The burning question for a journalist who’d dare to chart the spiritual landscape is how, using the tools of the craft, do you toughen the fibers, sharpen the edges, of a subject that, by definition, is formless? How do you put hard-chiseled words to believing, indeterminate act that it is?
Editor's Note: Welcome to the newest installment of "Writing the Book," an occasional Storyboard feature in which journalists turned authors discuss the challenges of creating their work. In this essay, freelancer and 2013 Nieman affiliate Barbara Mahany explores how she approached writing about the sometimes uncomfortable issue of spirituality in her upcoming book, "Slowing Time: Seeing the Sacred Outside Your Kitchen Door," which Publishers Weekly recently named one of the top 10 religion books of fall 2014. You can find the archive of "Writing the Book" here.
I’ve written about my mother’s cancer. And the string bean of an unborn baby who slipped through my fingers in the dark of the hollowest night, amid clots of blood and a wail of primal grief.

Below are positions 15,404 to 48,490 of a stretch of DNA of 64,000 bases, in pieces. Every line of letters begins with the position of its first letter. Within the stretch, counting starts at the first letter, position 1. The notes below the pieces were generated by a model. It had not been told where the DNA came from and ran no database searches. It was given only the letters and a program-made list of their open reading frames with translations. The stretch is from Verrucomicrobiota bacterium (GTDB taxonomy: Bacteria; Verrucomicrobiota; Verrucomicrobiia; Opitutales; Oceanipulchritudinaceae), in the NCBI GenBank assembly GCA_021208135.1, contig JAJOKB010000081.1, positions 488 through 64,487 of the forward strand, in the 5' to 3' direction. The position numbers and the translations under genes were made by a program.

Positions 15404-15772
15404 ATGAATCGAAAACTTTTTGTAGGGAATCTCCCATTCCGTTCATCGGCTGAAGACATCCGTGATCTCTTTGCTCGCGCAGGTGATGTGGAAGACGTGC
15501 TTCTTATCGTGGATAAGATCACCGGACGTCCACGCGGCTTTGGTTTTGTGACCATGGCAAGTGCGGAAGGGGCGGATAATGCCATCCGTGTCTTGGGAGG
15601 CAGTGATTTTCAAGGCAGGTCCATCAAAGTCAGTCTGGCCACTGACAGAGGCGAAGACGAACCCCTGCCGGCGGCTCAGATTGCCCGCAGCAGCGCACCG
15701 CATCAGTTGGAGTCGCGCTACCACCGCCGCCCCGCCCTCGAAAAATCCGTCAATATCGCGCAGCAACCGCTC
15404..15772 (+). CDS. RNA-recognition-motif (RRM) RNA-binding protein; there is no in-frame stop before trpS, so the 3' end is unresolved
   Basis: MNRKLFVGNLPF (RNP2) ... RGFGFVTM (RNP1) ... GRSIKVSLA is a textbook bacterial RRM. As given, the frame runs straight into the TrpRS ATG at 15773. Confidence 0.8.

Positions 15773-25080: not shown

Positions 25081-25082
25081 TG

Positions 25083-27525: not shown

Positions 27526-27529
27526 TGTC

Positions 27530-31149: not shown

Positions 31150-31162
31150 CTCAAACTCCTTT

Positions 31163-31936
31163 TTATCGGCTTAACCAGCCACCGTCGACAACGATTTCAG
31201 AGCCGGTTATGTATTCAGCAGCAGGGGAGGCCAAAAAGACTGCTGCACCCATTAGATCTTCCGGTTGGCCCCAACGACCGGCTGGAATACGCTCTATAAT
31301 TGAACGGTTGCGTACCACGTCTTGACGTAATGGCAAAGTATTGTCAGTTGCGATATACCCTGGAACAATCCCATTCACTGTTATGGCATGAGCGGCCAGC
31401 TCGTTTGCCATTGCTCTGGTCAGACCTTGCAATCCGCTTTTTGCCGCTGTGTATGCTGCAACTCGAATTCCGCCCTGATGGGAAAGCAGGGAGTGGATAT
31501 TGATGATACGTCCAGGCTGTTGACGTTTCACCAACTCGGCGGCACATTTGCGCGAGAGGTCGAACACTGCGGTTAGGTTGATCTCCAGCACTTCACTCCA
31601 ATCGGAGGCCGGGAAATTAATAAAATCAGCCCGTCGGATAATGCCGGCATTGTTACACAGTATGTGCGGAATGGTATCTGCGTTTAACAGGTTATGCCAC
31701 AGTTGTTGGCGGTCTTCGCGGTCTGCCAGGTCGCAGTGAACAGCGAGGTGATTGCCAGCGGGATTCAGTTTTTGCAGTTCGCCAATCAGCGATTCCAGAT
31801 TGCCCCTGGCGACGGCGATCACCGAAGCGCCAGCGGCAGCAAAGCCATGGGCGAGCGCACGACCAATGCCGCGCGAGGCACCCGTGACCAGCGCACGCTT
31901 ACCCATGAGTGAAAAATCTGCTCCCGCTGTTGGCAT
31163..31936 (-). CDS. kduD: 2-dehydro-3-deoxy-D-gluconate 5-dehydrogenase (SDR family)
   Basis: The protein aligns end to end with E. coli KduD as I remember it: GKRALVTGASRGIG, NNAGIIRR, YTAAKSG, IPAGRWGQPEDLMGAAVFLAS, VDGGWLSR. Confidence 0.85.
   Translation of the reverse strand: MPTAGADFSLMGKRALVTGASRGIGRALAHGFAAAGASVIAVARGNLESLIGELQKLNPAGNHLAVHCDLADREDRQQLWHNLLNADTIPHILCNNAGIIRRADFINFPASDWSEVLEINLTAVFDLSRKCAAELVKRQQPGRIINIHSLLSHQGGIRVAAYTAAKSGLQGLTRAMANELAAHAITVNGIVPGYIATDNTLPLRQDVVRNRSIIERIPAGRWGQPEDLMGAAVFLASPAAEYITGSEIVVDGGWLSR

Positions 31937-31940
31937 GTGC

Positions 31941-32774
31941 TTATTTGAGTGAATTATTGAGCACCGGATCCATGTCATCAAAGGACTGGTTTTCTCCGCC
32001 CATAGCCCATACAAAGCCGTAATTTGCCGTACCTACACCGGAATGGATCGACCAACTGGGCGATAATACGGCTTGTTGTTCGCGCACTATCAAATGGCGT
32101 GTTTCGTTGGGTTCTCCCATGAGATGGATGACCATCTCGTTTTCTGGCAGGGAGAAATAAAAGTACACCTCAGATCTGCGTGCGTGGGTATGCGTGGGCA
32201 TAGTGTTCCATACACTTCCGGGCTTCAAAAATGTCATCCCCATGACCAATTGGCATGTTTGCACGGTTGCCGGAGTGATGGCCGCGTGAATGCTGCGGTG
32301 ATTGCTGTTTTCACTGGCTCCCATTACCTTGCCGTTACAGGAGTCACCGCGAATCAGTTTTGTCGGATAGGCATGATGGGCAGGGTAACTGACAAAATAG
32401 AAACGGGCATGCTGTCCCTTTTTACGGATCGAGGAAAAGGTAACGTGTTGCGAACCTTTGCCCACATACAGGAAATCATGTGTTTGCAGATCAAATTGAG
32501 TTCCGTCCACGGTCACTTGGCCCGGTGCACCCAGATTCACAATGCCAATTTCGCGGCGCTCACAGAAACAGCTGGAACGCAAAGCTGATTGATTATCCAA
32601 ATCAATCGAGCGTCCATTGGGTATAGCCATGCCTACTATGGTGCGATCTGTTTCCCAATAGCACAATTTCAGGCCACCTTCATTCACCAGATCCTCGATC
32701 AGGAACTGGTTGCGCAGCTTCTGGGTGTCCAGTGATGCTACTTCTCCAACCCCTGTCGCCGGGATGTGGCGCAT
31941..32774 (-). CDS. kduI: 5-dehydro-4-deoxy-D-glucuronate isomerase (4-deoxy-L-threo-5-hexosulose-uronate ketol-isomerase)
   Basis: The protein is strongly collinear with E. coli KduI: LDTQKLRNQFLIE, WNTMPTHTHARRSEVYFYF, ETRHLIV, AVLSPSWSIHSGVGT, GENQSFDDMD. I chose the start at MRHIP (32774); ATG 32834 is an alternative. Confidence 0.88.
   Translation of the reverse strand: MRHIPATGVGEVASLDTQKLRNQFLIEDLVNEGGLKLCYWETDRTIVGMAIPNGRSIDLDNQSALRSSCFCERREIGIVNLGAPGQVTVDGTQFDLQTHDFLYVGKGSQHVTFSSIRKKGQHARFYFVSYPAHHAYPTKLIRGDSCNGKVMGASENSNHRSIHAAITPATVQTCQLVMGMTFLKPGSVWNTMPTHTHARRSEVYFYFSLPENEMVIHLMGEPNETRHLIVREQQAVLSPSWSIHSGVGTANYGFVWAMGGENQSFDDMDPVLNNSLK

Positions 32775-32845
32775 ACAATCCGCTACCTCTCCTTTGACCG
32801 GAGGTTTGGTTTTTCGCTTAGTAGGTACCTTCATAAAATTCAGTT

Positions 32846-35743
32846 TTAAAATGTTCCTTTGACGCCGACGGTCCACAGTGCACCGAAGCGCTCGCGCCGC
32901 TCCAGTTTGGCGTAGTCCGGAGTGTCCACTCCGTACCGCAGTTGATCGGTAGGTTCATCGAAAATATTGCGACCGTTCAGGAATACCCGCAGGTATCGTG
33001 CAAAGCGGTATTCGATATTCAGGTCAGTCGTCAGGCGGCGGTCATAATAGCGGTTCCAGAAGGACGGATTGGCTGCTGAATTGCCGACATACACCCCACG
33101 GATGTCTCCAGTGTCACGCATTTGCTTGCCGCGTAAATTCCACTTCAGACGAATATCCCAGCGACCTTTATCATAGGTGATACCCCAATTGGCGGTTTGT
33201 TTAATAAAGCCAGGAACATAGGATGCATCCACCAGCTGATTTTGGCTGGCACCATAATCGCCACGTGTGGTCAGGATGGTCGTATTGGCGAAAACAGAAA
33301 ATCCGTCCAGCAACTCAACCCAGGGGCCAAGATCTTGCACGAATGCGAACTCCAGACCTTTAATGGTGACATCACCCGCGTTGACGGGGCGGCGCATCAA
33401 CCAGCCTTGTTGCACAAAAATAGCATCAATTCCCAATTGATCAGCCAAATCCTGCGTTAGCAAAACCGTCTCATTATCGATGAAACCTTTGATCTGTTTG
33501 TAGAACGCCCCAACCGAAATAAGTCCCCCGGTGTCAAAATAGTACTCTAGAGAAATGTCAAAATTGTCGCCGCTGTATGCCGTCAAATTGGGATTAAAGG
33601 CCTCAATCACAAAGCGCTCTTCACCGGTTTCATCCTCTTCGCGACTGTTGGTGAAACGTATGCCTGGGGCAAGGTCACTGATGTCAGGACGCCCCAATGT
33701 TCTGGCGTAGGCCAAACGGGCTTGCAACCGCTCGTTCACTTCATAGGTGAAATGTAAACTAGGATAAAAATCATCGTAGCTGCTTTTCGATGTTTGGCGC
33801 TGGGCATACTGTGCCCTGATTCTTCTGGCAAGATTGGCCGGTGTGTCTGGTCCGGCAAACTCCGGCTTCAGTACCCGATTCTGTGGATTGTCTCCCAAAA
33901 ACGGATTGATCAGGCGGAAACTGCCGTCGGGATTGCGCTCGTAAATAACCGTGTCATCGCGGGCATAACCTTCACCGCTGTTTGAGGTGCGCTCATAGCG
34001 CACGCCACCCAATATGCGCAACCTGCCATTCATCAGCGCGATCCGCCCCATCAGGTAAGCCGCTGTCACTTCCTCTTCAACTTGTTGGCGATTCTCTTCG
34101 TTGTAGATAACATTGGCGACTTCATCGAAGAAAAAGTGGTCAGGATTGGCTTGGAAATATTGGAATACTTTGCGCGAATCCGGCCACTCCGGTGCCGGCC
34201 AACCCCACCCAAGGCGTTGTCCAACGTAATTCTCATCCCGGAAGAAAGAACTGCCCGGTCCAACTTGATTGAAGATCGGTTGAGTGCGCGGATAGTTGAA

I’ve written about the abyss of the hour when I paced an emergency room, waiting to hear if my older son’s spinal cord had been severed when he flew from his bike to a trail in the woods. I even once dared to write — in the pages of the Chicago Tribune, my hometown newspaper — how I became anorexic my senior year of high school, and, in the flash of a few short spring months, plunged from glory to shame in my infamy as the homecoming queen who had to be hospitalized after dropping 50 pounds.